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Warren Buffett's Berkshire Hathaway Takes a Bite Out of Carl Icahn's Discarded Apple

U.S. stocks are higher in late morning trading on Monday, with the S&P 500 (SNPINDEX: ^GSPC) and the Dow Jones Industrial Average (DJINDICES: ^DJI) (DJINDICES: $INDU) up 0.76% and 0.79%, respectively, at 11:40 a.m. ET. The rise in oil prices (see the second story) is almost certainly contributing to today's optimism.

Warren Buffett takes a bite out of Apple

Today is the deadline for investment managers to report their end-of-first-quarter holdings to the Securities and Exchange Commission, but there is already one beneficiary. Shares of Apple Inc. are up 3.42% on the news that Warren Buffett's conglomerate, Berkshire Hathaway, has initiated a position in the iPhone maker valued at over $1 billion at the end of the first quarter.

It's the size of the stake that is surprising because it suggests the investment may "belong" to Warren Buffett rather than one of the two investment managers who are managing money on Berkshire's behalf.

At last month's annual meeting, Buffett said Todd Combs and Ted Weschler manage $9 billion each, so taking a billion-dollar position is in the realm of possibility, but it looks unlikely.

If Buffett, who famously avoids investing in the technology sector, did indeed add Apple to Berkshire's stock portfolio, does this mean he's rethinking his investment approach at age 85?

The answer is an emphatic "No!" Instead, it would reflect Buffett's judgement that Apple meets his stringent criteria for an investment, chief among which:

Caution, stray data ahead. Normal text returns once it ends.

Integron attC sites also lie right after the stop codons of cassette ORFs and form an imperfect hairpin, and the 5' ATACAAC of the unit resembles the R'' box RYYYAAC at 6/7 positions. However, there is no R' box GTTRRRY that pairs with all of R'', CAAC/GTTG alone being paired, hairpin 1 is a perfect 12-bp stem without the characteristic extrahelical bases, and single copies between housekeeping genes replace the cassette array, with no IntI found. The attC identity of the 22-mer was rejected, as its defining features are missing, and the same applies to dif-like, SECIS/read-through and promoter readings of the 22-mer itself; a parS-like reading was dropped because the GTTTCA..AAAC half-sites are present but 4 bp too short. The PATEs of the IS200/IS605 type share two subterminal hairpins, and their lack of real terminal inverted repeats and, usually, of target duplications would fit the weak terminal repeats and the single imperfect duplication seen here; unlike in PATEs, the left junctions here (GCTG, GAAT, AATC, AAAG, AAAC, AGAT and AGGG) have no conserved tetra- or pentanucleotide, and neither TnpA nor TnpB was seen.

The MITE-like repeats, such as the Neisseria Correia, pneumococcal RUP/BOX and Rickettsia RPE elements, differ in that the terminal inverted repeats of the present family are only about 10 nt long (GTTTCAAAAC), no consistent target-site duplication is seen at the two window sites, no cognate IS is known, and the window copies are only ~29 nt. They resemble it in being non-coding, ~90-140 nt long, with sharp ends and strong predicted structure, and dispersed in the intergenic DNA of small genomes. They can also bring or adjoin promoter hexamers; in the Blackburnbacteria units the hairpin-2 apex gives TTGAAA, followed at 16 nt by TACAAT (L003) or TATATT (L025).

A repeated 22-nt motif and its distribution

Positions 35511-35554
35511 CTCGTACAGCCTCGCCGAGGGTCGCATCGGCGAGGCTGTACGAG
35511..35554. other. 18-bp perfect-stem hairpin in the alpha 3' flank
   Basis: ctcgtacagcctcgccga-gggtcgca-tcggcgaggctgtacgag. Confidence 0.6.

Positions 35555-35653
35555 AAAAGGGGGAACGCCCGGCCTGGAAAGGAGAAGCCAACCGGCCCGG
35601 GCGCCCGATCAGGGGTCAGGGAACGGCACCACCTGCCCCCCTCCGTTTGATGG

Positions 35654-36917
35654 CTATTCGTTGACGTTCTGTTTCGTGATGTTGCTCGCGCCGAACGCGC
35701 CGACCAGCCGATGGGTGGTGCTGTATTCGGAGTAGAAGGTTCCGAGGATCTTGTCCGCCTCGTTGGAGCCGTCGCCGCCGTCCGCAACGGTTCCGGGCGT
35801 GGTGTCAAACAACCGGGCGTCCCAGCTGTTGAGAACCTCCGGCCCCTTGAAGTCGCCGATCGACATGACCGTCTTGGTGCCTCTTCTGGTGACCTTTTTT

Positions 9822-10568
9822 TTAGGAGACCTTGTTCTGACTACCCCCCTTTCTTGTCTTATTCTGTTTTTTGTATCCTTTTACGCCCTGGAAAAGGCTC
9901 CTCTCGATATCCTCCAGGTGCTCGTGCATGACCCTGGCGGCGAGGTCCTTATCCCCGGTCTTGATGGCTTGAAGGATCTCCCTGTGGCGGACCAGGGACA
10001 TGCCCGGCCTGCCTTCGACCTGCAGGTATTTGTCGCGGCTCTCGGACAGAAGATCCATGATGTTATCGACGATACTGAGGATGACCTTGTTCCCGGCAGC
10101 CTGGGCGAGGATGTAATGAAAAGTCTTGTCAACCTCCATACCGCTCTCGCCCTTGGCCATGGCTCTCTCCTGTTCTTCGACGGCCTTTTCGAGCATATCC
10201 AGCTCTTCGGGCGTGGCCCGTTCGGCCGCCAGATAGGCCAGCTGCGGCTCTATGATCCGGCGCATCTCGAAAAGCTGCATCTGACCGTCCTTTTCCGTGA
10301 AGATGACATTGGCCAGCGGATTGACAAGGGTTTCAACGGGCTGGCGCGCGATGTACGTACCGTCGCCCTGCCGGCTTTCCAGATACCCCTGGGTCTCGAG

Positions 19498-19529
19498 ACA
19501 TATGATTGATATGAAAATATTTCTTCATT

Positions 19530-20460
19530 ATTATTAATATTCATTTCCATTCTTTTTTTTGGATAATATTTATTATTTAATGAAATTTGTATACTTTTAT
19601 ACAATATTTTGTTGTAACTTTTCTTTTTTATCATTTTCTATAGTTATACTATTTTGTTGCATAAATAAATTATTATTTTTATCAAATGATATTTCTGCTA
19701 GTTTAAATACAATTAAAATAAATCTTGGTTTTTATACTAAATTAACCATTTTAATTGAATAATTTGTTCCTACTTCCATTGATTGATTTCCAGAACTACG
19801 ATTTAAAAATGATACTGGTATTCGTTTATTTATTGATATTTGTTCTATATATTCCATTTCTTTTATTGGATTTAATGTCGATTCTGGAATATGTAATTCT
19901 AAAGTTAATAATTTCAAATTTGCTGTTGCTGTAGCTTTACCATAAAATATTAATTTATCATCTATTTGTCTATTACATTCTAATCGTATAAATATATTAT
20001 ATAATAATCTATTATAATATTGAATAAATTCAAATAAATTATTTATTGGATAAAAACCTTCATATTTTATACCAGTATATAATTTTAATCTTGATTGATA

• Apple has an established high-quality, well-protected business.
  • Despite the fact that it's a technology company, Apple's business has sufficient stability and visibility for inclusion in a long-term investor's portfolio.
  • Apple's executive management, led by CEO Tim Cook, is able and honest.
  • Last -- but by no means least for a value investor -- Apple's shares are priced attractively.

You won't find me disagreeing: This Fool has been banging the drum, saying Apple's stock represents an opportunity for months (see here and here, for example). Following Carl Icahn's disclosure at the end of April that he closed out his multibillion-dollar position in Apple, this is a wonderful vote of confidence for a company that has been in Wall Street's doghouse. Apple shares remain an attractive buy, today's "Buffett pop" notwithstanding.

Oil: Two heavyweights think things are looking up

Now let's move from Apple, a company that has successfully defended its products against commoditization, to plain commodities. Back in February, Goldman Sachs spooked the market with a prediction that oil prices could fall below $20 per barrel. However, the most closely followed investment bank in commodities markets published a note today with a far less bearish tone, writing:

The oil market has gone from nearing storage saturation to being in deficit much earlier than we expected ...

The market likely shifted into deficit in May ... driven by both sustained strong demand as well as sharply declining production.

Energy expert Daniel Yergin, author of the seminal The Prize, writing in today's The Wall Street Journal, is also upbeat [subscription required]:

Current prices in the mid-to-high $40s are signaling a turn in the market ... World production still exceeds consumption. Yet by autumn declining production and rising demand should put the market roughly in balance, with prices around $50 a barrel, although still with a big overhang in oil inventories.

This optimism is reverberating through the market today (well, mainly Goldman's -- the bank is more influential than Yergin); the price of oil futures for June delivery is up 2.99% at $47.59.

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